BiPAP devices are typically easy to transport and lightweight if you’re planning on spending the night away from home or are traveling. The mask for the BiPAP devices come in various sizes and you can adjust them to maximize your comfort.

Read more about CPAP vs BiPAP here.

How the Need for BiPAP Evolved

The BiPAP device was created in the 1990s. BiPAP therapy was initially used for treating sleep apnea. When you sleep, your body requires your central nervous system to help lead the process of breathing. While resting in a reclined position, you will feel more resistance while breathing.

It’s often used in individuals who can’t adjust or find relief with CPAP. The BiPAP, unlike the CPAP device, is known for delivering a constant flow of air, delivers two air pressure levels during the night. While you’re inhaling, you’ll receive a higher pressure level and while exhaling, a lower pressure level.

This decreases the effort it will take you to exhale and can provide you with more comfort, particularly if you experience problems when using a CPAP machine such as:

  • Claustrophobia
  • Anxiety

The BiPAP machine pressure must be adjusted and monitored carefully since it’s not automatic. Doctors typically recommend the BiPAP device for individuals suffering from lung disease or heart failure. BiPAP treatment targets dysfunctional breathing patterns. Since you’re receiving custom air pressure while inhaling and exhaling, the device can provide relief to your overworked chest muscles and lungs.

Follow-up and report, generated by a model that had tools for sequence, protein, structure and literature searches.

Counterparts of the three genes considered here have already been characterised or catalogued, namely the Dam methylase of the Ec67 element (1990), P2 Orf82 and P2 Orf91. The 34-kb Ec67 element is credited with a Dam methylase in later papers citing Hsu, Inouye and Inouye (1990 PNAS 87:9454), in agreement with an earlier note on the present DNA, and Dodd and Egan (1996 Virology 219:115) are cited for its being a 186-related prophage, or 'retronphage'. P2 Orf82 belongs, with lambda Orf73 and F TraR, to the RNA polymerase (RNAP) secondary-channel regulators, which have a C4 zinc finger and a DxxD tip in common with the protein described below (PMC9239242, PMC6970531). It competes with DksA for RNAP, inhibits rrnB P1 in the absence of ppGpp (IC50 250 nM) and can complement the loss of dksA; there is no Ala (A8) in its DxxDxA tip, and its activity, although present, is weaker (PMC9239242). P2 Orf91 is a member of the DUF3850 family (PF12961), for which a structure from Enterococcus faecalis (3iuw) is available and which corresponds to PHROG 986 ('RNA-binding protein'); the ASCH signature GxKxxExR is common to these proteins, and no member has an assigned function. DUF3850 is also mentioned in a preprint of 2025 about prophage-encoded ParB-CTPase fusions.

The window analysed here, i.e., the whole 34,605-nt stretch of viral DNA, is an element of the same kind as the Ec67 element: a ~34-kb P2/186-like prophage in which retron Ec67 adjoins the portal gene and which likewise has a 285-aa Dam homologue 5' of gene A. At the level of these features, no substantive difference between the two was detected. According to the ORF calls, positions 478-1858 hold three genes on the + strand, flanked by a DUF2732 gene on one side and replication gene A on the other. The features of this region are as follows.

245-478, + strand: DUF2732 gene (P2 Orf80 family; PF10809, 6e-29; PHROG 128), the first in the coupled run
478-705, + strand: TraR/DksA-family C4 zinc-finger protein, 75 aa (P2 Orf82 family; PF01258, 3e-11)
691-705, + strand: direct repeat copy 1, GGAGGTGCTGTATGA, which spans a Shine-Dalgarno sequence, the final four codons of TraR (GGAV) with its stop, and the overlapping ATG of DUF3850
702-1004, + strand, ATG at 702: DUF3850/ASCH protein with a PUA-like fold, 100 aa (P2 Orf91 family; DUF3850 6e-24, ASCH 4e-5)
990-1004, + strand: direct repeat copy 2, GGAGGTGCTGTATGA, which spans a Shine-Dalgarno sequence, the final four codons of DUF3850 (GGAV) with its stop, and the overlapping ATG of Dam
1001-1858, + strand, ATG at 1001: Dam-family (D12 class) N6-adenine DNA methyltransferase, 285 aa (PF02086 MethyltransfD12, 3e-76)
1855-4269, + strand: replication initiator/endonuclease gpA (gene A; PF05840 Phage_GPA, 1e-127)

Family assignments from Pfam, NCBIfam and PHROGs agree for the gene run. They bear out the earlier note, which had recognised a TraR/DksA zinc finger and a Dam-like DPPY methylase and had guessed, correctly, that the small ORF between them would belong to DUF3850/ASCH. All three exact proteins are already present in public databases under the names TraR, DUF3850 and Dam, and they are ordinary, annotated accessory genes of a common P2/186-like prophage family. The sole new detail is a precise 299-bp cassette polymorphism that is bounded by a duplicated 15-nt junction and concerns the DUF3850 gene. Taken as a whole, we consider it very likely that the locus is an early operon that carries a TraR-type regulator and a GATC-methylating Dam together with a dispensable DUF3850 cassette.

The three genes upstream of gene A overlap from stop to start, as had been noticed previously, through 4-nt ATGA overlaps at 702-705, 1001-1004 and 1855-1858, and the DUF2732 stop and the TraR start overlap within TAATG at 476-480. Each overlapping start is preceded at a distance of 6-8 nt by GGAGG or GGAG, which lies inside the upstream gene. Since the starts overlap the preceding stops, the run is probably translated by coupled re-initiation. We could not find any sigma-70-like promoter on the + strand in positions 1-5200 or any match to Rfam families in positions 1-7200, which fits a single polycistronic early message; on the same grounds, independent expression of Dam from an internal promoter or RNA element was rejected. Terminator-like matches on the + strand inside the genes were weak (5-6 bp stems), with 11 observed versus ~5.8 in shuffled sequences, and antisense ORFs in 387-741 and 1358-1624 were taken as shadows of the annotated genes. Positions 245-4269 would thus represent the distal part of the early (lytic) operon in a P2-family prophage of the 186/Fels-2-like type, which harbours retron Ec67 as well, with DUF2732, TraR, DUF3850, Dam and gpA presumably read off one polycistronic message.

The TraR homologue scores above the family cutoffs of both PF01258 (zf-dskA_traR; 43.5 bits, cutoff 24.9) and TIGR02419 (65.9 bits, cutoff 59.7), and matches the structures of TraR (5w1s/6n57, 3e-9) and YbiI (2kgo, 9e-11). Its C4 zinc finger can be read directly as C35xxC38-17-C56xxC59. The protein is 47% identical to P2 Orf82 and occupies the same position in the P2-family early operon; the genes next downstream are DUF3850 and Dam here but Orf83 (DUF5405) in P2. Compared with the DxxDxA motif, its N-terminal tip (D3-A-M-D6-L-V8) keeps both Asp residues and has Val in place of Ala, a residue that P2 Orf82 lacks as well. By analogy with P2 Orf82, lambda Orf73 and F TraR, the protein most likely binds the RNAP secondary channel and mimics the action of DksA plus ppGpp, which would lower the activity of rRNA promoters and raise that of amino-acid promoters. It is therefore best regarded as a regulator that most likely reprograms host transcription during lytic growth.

Depending on their personal needs, individuals may use BiPAP therapy for when they’re awake and when they’re asleep. However, using it during the daytime can limit social interactions and other things, but it’s often necessary for some circumstances.

Generally, people have used and are using this therapy during the night to help keep their airways open when they’re asleep, helping with the exchange of oxygen with carbon dioxide so they’ll breathe easier. For individuals with COPD, this means they’ll experience less labored breathing in the nighttime while they’re sleeping. The airway pressure encourages a steady oxygen flow, allowing the lungs to transport oxygen more efficiently to the body, removing excess carbon dioxide.